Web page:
The Mass Explained Volume 1 [App o the Mornin']

The full title of this amazing app is The Mass Explained Volume 1: The Introductory Rites & The Liturgy of the Word (iPad: $25), and its title page lays out its goals: “Fostering a deeper understanding of and appreciation for thee Ordinary Form of the Roman Catholic Mass.”

And boy does it do that: in spades.

I’ve had The Mass Explained for a couple weeks, but I wanted to make sure my initial gee whiz impression of the technical aspects wasn’t influencing my appreciation of the content. This is, really, a book, but it’s a book for the digital age. It does things you wish some books could do, and it does them extremely well.

The author, Dan Gonzalez, merges solid research with a strong catechetical style and a superb sense of design to create something new in Catholic circles: a high-end multimedia learning experience that fulfills the promise of new media in the new evangelization.

The book itself begins with an introduction by Mike Aquilina, and then walks through–step by step–the origin, meaning, development, and practice of the mass from every angle. We begin with a look at the passover seder, then take guided tour through the practice and meaning of the Liturgy of the Word all the way to the Prayer of the Faithful in the course of about 330 pages.

A quick guided tour of Chapter 12: The Gloria should give you a clue of what’s inside:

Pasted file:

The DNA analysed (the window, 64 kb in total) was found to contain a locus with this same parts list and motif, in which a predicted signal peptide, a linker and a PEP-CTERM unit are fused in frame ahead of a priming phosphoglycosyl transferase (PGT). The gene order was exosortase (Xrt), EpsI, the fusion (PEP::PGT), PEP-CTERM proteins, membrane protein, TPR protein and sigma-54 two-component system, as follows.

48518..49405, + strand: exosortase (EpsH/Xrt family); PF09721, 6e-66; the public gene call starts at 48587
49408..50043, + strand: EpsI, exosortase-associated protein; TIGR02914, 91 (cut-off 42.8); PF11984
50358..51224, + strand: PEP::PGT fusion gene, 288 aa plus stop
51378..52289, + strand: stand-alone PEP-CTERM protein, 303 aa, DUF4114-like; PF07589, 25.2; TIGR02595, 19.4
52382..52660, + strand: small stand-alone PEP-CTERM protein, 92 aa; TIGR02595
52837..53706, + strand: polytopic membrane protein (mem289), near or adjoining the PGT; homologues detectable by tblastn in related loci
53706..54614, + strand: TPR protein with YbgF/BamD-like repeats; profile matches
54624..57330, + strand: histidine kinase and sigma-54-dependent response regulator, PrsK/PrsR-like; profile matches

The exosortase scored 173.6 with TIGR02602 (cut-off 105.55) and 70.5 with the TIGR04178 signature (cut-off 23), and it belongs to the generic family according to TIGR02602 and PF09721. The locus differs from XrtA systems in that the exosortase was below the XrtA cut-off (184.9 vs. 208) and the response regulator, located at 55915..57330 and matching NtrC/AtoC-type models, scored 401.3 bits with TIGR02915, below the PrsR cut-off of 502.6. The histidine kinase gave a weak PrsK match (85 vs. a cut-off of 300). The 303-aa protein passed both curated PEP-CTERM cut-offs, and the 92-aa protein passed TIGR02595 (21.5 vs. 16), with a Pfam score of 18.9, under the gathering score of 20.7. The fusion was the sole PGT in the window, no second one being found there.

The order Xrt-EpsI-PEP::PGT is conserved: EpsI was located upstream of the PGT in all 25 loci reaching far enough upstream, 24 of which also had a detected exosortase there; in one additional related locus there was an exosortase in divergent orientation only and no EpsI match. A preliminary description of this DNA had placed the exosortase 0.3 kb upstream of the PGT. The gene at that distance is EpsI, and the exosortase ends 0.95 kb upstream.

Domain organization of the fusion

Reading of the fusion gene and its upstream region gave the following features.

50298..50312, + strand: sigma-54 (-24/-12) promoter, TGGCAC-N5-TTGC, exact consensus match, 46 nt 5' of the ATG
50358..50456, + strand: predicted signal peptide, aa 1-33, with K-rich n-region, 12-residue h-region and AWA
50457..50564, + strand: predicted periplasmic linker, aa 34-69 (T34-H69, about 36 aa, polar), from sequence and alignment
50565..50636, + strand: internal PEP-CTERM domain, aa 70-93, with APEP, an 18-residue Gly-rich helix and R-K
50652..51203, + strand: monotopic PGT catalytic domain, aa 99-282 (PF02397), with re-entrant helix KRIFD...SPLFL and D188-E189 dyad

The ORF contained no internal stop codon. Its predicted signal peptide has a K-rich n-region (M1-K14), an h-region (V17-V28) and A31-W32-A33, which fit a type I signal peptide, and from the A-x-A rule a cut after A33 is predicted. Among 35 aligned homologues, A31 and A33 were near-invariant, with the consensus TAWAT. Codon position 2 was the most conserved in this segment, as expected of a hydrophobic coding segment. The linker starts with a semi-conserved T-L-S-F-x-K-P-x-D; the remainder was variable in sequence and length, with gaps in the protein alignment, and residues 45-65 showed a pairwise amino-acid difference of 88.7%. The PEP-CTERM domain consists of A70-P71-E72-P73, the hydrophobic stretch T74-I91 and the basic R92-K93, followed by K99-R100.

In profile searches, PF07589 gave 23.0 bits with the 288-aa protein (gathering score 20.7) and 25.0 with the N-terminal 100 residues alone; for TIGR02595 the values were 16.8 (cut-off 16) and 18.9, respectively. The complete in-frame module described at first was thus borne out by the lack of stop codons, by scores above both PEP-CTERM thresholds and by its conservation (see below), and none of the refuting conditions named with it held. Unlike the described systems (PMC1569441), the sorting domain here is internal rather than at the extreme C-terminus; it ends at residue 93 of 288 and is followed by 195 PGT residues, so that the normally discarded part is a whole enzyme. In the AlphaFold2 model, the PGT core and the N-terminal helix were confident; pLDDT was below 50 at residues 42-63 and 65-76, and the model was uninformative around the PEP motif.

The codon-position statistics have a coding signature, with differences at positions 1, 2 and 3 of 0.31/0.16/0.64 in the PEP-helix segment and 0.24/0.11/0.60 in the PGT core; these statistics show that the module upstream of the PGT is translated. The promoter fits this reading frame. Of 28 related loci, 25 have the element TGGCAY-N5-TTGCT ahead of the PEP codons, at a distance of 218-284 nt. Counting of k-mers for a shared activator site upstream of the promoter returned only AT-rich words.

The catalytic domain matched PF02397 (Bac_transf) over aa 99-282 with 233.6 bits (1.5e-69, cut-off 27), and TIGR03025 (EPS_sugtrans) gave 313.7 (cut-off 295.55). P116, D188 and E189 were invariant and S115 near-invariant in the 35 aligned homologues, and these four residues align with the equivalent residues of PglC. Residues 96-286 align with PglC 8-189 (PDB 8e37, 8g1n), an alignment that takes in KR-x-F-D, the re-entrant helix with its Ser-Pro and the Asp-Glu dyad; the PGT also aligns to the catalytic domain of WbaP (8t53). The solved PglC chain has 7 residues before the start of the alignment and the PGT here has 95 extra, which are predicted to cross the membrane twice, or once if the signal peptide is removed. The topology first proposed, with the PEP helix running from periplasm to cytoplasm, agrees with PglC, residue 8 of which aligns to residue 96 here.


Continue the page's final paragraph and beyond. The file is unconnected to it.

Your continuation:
The main part of the screen is book text, which explores in some depth the meaning of the Gloria. Footnotes are on the left, and flesh out certain elements of the main text (in this case, the sacred music of Vivaldi). At the bottom of the first page, you’ll notice a sound icon. This brings up examples of the Gloria from Palestrina, Vivaldi, Mozart, Schubert, and Puccini.

Page two continues the lesson by adding more audio file as well as an embedded video of a priest reciting the Eucharistic Doxology:

Page three of this chapter shows an example of the art elements, which can be zoomed and scrolled to examine the details:

The chapter (which is about 13 pages long) ends with a summary of its content:

Some sections also include fully panoramic views of locations such as the Church of the Holy Sepulcher…:

…as well as 360 degree views of certain objects:

The book is undeniably impressive in both content and execution. It’s a catechist’s dream, at least if the catechist is teaching a room full of people with iPads.

Here’s where we come to my one reservation: at $25, it’s expensive for an app and even expensive for an App Store book. As they say of big budget movies: it’s all up there on the screen. The production values are top notch and the writer has done a great deal of work producing the text and adding multimedia content. There’s no denying it’s a slick piece of work. I don’t begrudge the creators their price point, but it does limit the audience.